Text: Rafael A. Revilla Romero.
Photo: Deadpunk & Ryan Angermiller.
Wheatpaste is a gel or liquid adhesive made from wheat flour or starch and water. It has been used since antiquity for various arts and crafts such as book binding, collage, papier-mâché and adhering paper posters and notices to walls.
Two years ago, an image of a frog on a poster that appeared to be stuck with wheatpaste along all the phone and traffic light boxes in El Paso, TX, caught my attention. This frog, with a joint in one hand, always appeared around the same dates and vicinity for the Neon Desert Music Festival.
This image seemed to be part, and not part of the festival’s publicity, and it was not known for sure why it didn’t have anything that could distinguish it—only that it was stuck with wheatpaste. In the urban art panorama, the technique has been of great value, it is enough to see artists like Shepard Fairley to see the importance that this technique has taken as a way to express something.
It was later revealed that the image was the work of the local artist collective, Los Visionaries. An essential part of this group is Deadpunk; his trademark figures are Emiliano Zapata with a zombie face, James Dean, Mohamed Ali and Che Guevara dressed as punks, Bruce Lee with studs and Frida Kahlo with leather jeans. The images are an insight of how these characters could look if they had been part of this scene.
The intentional iconography in Deadpunk’s art, in choosing specific the characters he portrays in his work, is based on a philosophy, he says: “Those characters are iconic for me because they always had a philosophy of thinking different from others; that’s what I liked the most about them.”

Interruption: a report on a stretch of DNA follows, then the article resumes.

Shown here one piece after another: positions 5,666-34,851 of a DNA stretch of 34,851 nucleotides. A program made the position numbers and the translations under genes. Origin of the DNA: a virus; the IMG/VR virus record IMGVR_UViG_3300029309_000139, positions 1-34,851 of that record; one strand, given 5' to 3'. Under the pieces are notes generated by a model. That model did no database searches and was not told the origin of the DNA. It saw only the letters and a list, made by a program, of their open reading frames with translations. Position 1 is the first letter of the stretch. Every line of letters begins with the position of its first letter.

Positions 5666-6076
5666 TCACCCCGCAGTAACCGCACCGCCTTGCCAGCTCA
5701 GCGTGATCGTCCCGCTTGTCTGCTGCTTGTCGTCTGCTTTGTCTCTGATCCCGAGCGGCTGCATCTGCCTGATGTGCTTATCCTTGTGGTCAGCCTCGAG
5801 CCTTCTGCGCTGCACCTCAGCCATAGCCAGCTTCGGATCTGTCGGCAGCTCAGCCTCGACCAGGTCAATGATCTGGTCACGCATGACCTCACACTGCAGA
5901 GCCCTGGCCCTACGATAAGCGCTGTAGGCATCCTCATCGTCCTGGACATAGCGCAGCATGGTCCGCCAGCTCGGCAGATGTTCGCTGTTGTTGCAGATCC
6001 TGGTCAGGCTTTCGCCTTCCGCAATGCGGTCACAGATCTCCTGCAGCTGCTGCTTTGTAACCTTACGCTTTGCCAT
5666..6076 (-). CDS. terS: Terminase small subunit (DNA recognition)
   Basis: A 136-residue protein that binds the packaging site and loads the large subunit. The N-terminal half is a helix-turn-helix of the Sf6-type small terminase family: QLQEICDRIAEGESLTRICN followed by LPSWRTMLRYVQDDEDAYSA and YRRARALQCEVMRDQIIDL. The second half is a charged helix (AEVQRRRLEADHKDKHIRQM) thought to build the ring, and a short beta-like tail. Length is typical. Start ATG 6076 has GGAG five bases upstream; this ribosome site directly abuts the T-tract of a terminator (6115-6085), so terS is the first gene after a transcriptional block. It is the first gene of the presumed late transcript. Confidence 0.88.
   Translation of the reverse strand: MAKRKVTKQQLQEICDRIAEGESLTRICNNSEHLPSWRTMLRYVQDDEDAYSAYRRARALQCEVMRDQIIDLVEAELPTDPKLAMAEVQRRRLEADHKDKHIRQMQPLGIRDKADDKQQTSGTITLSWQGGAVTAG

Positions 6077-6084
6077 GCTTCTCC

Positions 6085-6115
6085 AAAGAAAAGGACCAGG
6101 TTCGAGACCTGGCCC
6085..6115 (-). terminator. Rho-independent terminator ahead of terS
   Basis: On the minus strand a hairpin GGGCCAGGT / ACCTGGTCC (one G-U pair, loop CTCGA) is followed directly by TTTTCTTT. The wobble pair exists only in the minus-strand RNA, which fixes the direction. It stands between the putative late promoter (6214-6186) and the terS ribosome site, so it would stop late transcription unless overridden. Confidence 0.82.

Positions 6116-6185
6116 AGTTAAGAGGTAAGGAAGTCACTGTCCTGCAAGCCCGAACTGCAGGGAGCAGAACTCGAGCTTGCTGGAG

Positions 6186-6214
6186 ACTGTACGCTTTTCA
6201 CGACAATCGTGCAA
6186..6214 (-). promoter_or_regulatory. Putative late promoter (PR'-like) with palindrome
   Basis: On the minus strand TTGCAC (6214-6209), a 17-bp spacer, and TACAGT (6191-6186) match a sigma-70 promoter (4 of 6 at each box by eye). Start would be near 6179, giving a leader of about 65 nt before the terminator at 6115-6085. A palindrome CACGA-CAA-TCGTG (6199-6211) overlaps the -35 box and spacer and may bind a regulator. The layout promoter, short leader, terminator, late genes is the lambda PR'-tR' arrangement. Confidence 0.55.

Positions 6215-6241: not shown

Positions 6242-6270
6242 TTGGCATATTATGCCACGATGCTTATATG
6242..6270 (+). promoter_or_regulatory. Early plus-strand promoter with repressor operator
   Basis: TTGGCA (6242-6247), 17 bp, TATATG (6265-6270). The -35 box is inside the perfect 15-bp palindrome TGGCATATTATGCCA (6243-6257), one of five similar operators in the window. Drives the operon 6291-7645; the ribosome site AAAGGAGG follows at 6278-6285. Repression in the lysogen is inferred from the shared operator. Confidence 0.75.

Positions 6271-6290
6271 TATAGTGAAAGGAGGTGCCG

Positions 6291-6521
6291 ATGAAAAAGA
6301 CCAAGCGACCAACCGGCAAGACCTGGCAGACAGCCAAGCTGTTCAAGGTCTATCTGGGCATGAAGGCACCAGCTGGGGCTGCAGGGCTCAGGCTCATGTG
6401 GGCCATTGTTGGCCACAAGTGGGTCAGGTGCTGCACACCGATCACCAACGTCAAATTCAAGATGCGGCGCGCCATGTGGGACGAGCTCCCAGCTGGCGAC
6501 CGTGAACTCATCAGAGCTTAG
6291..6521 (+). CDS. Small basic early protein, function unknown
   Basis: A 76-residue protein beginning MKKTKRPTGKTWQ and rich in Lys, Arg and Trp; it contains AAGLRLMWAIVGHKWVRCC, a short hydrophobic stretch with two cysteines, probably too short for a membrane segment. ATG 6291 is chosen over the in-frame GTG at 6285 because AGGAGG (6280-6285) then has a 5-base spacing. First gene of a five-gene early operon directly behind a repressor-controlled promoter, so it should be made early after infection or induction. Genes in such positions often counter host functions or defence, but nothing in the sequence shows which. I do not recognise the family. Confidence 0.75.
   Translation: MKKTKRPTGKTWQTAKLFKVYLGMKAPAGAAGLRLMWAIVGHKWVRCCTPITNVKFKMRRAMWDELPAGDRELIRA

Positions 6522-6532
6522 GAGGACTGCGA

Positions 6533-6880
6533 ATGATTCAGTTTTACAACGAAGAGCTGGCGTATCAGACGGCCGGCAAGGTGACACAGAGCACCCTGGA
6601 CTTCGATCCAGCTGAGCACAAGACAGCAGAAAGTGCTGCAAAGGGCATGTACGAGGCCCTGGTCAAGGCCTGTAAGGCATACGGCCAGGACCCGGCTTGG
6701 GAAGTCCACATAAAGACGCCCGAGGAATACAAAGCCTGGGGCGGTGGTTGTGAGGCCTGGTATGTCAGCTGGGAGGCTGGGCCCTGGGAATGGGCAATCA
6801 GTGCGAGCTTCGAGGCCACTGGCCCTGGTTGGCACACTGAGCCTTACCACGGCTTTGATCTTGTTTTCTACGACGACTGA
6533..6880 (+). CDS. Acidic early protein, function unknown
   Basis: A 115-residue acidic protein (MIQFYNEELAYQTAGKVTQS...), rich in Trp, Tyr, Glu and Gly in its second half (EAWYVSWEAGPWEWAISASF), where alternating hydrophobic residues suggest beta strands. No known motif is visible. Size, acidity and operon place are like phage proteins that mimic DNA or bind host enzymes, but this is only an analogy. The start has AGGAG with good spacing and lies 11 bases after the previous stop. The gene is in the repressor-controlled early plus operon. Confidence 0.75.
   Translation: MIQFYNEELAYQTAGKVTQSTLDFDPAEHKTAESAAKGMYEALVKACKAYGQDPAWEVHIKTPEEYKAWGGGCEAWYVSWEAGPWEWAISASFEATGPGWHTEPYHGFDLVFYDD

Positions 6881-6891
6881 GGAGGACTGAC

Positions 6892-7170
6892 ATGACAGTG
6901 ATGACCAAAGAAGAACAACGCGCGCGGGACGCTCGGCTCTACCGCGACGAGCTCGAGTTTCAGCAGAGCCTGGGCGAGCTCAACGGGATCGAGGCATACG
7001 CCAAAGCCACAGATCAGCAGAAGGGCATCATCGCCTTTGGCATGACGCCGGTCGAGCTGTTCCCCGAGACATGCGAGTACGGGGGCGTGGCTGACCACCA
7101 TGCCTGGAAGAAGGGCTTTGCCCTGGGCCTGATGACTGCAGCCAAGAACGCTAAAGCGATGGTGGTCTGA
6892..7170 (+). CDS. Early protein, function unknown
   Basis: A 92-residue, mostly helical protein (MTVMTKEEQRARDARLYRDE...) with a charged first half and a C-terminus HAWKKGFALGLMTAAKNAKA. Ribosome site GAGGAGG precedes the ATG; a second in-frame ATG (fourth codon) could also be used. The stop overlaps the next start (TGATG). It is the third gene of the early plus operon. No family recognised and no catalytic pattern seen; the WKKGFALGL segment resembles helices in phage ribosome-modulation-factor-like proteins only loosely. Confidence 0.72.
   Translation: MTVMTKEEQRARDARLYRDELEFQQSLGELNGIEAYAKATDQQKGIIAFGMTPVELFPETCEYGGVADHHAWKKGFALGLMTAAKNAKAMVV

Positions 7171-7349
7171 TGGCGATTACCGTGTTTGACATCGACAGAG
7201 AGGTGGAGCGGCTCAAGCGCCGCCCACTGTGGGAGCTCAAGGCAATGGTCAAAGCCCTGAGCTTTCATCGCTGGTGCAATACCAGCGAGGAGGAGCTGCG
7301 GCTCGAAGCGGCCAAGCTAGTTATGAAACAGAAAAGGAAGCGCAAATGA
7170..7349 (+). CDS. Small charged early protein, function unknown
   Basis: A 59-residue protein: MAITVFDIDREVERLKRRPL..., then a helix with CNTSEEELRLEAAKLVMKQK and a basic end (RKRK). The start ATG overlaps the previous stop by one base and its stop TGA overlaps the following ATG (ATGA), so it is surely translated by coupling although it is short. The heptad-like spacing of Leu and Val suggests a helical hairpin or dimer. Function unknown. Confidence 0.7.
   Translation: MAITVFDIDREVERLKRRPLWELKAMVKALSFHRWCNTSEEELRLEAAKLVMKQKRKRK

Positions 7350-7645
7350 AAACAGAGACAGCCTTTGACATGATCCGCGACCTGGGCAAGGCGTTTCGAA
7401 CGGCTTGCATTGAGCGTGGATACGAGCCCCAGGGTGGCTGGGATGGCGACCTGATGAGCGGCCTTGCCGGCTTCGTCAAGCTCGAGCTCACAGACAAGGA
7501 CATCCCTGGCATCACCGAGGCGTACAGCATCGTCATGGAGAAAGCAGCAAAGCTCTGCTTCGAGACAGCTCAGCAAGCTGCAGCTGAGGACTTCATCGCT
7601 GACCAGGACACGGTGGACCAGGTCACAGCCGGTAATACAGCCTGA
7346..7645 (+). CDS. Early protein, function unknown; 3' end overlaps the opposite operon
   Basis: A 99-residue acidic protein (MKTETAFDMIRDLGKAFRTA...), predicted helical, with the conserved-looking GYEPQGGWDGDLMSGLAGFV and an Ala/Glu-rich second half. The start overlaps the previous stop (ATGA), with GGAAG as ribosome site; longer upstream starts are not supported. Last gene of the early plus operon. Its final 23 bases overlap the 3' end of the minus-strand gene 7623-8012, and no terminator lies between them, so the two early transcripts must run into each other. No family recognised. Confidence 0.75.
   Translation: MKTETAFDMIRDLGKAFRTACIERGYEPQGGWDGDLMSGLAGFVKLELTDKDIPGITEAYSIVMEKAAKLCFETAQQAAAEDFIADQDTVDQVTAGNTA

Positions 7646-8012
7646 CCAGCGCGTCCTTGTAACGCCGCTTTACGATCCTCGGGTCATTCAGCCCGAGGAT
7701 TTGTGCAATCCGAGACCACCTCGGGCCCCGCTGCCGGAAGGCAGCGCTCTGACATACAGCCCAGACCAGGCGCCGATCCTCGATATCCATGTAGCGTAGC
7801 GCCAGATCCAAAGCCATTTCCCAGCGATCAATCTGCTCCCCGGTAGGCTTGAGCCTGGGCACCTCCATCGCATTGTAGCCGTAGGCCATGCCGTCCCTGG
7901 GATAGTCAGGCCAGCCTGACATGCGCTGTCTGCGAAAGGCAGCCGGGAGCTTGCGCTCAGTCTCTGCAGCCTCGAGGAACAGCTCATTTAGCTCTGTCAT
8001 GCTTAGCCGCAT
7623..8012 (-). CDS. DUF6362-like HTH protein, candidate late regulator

Deadpunk mainly does digital collages, but what is interesting here is the environment in where his images are stuck: on fences, poles, trash cans and other urban canvases in which they clearly stand out from the context—but this format is not the only one for Deadpunk. There are also mixed media works—wood painted with acrylics and neon colors stand out in his work.
The reason why he wants his work to be seen in this context, according to Deadpunk, is that it reaches different people who normally don’t visit art galleries, this way anyone can appreciate his work, which can be seen throughout several places like Dallas, San Antonio, El Paso, Los Angeles, Ciudad Juarez and throughout places in Europe.
What’s next for Deadpunk is a show in November at the Barba Contemporary Art Gallery in Palm Springs, CA, Art Battle in December in Austin, TX and another one at the VIP Gallery in Chicago, IL, in March 2018.
As for the art scene in El Paso, Deadpunk says: “The city has a lot to offer; more and more people are coming to see what is being done here. There are also many artists who are gaining notoriety and the city itself is gaining attention in the art field, and this is thanks to the union between the 2 cities (Ciudad Juarez and El Paso). Artists collaborate with each other, making the panorama proactive and vibrant more than ever.”
Deadpunk makes these unions without feeling any respect for these figures or for their context, just as punk must be—rebellious. I see it as a tribute and, being honest, Frida looks better than ever.